Mage Hall







You push your way through a pair of massive oak doors and find yourself standing in the Hall of Justice. This is where the ancient laws of the Camarilla, and more importantly, those of the Tremere, are administered and upheld. Directly across room from you is the Seat of Justice, flanked on either side by four chairs for the Tribunal. To your left and your right you see the observation galleries rising about 10 feet from the floor where the peers and curious onlookers can watch the proceedings. You notice, on the floor, in the very center of the Hall, a Starburst Pattern done in white and black marble directly beneath a skylight through which the night sky is clearly visible. Around the Starburst you see old scorch marks, and idly wonder how many saw their last on that spot.

~ Tremere Law and The Tribunal ~

Tremere do not go around with blind obedience to the oath and Code.  Some Tremere follow the code fanatically - though their interpretations sometimes differ from one another.  Others are pragmatic, and Obey the oath as far as is necessary so as to not get into trouble.  Some very few break the Oath at every turn, but they are very, very careful not to get caught.  Tremere at least pay lip service to following the Orders of their superiors.  Open defiance is not Tolerated.  However, in some cases, what your superior doesn't know won't hurt you.  You hope.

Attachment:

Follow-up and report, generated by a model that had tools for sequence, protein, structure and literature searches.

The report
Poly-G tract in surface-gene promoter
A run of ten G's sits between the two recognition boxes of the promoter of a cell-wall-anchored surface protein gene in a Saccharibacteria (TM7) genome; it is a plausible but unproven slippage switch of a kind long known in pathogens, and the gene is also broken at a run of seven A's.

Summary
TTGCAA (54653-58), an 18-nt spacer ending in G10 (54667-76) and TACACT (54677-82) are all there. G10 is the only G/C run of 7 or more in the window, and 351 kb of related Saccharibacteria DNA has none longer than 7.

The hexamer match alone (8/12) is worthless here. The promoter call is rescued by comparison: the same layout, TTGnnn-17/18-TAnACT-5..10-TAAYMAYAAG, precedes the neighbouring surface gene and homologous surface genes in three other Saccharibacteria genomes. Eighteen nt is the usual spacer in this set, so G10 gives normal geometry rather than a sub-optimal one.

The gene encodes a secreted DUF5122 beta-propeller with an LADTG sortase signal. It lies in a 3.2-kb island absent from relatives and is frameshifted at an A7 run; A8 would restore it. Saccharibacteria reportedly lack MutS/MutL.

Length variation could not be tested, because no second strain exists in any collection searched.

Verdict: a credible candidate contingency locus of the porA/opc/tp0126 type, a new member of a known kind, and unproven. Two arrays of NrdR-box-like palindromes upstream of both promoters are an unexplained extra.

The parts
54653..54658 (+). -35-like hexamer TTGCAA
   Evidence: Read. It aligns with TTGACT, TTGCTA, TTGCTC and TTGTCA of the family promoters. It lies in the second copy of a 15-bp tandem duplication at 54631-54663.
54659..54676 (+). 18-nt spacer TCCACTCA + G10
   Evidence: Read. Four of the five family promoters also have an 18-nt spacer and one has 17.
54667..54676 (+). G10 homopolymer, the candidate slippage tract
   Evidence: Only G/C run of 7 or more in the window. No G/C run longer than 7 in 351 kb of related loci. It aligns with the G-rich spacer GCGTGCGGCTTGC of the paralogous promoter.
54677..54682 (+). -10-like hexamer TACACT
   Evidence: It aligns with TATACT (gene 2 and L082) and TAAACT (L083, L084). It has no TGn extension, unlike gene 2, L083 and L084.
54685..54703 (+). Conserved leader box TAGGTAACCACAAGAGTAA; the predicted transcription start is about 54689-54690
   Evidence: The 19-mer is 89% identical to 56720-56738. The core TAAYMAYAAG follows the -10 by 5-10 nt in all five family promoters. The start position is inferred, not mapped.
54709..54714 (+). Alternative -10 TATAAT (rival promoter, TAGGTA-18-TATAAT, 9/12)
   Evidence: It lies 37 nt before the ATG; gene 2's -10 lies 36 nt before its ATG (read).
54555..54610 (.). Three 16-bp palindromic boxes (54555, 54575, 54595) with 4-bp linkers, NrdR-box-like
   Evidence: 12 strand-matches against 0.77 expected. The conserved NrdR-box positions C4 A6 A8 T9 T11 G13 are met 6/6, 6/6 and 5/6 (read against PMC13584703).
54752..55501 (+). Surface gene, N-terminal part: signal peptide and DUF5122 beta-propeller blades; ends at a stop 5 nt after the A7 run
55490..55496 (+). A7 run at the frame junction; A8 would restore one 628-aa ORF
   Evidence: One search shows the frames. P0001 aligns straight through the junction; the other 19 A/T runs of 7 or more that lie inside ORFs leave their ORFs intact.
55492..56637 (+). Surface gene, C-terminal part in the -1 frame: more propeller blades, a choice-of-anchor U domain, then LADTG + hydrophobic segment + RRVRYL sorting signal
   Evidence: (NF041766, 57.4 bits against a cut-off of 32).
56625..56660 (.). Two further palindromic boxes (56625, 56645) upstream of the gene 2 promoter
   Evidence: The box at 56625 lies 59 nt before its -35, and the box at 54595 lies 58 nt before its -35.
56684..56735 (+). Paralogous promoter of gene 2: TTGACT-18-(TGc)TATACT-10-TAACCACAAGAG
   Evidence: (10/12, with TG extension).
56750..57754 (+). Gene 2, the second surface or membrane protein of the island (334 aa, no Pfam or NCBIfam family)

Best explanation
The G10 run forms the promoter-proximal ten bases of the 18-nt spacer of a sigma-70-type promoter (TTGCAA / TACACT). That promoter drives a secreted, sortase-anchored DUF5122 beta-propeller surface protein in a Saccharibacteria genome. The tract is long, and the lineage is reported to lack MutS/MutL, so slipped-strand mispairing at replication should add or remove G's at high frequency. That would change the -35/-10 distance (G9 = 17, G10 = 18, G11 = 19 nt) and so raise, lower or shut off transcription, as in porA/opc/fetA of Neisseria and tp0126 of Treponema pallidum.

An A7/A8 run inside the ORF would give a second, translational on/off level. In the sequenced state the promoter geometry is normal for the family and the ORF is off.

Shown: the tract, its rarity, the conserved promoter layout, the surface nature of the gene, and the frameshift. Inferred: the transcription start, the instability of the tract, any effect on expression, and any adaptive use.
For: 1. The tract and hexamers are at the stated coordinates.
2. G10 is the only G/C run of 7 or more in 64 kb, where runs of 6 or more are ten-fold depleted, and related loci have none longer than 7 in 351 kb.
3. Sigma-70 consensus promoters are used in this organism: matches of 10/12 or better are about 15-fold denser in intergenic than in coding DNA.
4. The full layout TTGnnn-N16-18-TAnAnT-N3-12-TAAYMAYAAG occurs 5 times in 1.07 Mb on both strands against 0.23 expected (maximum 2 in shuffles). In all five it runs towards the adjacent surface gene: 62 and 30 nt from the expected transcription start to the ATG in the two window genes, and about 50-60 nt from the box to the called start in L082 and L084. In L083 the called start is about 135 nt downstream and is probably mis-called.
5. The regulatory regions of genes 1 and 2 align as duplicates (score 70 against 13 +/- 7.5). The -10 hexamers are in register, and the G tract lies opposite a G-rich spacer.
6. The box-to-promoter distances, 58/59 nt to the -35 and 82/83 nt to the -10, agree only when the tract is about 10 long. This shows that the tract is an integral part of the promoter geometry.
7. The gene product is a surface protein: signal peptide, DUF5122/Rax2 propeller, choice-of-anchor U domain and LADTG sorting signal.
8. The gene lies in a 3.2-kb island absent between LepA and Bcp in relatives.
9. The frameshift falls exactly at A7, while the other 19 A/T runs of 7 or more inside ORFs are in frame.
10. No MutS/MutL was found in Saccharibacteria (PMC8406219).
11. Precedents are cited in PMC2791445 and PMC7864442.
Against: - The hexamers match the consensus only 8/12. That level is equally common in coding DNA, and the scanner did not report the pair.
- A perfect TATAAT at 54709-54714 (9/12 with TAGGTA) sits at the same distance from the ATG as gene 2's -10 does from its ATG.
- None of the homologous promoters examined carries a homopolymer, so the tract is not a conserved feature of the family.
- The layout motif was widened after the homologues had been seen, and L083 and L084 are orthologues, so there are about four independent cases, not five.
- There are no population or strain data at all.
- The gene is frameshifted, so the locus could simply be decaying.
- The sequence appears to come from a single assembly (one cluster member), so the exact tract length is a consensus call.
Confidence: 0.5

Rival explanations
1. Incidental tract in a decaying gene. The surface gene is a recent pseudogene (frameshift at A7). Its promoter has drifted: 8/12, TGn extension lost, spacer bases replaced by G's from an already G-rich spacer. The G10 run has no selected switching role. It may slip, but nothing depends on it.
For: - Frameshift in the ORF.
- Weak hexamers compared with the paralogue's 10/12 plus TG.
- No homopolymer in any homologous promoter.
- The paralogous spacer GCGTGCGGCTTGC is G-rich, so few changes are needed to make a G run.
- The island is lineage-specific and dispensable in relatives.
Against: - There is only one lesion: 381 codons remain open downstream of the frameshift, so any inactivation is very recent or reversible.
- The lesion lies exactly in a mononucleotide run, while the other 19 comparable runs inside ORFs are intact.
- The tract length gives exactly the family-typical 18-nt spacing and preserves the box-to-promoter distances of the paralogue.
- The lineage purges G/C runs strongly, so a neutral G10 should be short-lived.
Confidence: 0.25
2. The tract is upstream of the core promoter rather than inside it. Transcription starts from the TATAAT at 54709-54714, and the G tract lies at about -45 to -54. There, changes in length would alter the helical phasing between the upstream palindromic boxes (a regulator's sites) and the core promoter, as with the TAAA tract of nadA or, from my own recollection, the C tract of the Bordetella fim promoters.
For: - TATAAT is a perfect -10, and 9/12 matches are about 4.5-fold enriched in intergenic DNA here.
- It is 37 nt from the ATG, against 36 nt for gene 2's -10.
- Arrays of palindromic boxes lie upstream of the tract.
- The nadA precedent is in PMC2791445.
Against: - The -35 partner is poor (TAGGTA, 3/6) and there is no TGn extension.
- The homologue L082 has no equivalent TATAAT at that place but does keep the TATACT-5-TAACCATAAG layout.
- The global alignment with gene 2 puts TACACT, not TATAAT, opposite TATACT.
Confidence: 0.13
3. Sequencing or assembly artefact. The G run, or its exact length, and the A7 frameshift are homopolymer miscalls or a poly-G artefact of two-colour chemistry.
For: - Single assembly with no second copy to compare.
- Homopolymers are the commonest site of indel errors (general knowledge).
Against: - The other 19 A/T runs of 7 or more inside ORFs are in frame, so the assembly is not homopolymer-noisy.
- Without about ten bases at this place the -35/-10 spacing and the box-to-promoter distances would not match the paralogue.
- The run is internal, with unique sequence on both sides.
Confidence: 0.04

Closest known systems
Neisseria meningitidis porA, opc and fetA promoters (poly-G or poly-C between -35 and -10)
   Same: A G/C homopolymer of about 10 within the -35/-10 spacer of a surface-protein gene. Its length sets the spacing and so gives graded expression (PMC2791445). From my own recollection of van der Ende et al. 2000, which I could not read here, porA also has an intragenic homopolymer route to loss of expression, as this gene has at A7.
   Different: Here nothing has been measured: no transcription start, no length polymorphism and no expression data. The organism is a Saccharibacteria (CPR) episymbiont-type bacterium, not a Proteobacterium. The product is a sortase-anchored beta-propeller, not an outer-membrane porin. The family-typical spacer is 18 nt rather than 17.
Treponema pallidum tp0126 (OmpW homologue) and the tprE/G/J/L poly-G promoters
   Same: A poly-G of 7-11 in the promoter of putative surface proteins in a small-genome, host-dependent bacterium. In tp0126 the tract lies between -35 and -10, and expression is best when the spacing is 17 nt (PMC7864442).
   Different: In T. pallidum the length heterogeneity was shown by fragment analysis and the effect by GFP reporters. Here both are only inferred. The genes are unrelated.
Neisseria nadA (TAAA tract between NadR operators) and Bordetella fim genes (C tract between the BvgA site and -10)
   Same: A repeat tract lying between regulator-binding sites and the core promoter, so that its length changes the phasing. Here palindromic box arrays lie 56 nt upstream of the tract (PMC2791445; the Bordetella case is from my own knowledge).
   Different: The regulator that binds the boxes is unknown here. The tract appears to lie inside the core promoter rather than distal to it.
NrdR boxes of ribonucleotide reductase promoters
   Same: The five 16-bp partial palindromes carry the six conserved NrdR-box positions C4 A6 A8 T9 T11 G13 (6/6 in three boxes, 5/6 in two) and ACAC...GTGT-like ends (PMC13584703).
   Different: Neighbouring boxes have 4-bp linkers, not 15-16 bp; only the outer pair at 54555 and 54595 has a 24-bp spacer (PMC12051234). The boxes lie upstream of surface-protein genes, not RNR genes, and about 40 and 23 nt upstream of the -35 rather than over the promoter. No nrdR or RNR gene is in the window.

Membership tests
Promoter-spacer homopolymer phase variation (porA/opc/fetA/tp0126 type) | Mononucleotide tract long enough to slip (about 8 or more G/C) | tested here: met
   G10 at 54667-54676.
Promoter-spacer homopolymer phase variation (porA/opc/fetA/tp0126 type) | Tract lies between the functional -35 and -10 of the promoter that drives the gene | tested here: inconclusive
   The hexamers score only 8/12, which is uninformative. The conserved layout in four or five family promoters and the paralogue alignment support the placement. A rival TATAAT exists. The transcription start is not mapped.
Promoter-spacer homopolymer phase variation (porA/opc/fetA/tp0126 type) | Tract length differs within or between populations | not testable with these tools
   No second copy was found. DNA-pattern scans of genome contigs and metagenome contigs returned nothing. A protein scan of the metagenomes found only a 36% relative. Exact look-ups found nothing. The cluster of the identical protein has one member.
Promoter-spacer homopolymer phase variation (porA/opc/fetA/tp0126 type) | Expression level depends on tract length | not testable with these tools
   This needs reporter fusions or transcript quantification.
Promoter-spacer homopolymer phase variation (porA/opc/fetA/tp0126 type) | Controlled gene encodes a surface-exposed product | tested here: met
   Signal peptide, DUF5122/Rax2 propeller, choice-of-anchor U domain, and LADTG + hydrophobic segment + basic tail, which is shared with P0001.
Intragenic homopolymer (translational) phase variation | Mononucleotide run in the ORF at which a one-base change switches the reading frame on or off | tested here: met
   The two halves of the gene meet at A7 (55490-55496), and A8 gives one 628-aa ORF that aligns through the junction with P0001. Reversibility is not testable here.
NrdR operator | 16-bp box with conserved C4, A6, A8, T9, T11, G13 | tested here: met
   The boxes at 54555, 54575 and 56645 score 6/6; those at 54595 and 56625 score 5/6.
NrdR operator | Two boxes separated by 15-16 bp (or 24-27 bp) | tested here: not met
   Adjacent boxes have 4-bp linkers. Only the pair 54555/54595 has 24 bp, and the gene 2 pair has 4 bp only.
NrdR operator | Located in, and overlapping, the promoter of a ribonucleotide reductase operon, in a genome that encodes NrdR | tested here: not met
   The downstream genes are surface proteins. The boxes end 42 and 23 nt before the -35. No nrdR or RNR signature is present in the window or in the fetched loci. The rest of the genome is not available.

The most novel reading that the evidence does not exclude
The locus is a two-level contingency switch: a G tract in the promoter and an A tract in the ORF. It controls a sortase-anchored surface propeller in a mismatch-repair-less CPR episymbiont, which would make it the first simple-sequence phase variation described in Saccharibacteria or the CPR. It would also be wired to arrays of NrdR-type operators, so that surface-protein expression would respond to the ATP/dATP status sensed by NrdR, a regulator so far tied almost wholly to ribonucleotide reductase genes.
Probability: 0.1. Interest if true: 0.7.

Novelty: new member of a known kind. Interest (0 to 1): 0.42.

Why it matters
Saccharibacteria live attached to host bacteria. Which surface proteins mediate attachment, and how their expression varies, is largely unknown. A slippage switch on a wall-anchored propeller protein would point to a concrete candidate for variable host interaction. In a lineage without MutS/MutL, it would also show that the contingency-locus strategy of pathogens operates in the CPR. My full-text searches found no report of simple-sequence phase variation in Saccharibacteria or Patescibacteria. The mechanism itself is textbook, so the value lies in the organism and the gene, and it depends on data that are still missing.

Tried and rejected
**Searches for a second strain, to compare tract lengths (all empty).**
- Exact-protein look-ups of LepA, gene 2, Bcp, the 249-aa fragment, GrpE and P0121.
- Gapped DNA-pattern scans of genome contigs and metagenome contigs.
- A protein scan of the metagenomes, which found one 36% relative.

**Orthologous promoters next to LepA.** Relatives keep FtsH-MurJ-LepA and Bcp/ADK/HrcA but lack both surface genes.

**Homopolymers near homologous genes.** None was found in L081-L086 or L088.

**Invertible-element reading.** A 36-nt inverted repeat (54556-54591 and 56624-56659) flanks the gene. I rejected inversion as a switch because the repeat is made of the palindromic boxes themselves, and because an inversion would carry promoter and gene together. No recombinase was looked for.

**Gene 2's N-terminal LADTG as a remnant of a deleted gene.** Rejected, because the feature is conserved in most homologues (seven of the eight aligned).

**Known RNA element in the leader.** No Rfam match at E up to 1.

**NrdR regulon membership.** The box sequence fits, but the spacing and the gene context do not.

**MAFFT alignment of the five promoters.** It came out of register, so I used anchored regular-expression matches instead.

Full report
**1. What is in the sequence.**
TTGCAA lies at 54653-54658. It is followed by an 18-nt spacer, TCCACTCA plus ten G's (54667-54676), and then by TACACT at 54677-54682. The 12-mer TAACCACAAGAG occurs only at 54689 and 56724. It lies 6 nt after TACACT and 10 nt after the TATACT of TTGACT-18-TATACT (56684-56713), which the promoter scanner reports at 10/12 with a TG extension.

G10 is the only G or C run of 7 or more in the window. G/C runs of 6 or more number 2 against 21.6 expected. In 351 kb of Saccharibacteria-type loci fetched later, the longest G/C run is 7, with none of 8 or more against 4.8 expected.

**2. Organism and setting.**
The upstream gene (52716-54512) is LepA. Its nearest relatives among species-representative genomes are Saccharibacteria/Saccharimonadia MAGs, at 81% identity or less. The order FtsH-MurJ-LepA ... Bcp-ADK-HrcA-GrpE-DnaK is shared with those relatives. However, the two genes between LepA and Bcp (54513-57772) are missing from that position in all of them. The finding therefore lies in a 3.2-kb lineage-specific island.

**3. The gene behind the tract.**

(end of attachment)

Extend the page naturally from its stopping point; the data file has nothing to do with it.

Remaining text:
Tremere law is intricate, governing disputes between individual magi, chantries, Lords and even Pontifexes. The clan generally encourages Tremere to settle their own disagreements in a peaceable manner, but for those unable to find a compromise, the tribunal offers arbitration. A normal tribunal consists of twelve magi of Regent status or higher, though in time of emergency, as few as seven may constitute a legal body. Members of different regional tribunals are chosen by the ruling Councillor and are expected to represent a balance of the Tremere found within the territory where the dispute has occurred. Tribunals normally meet once per year to hear general cases. They are also called when disputes requiring prompt attention occur. The senior mage present assumes the role of Praeco, serving as the leader of the tribunal. He does not vote except to break ties.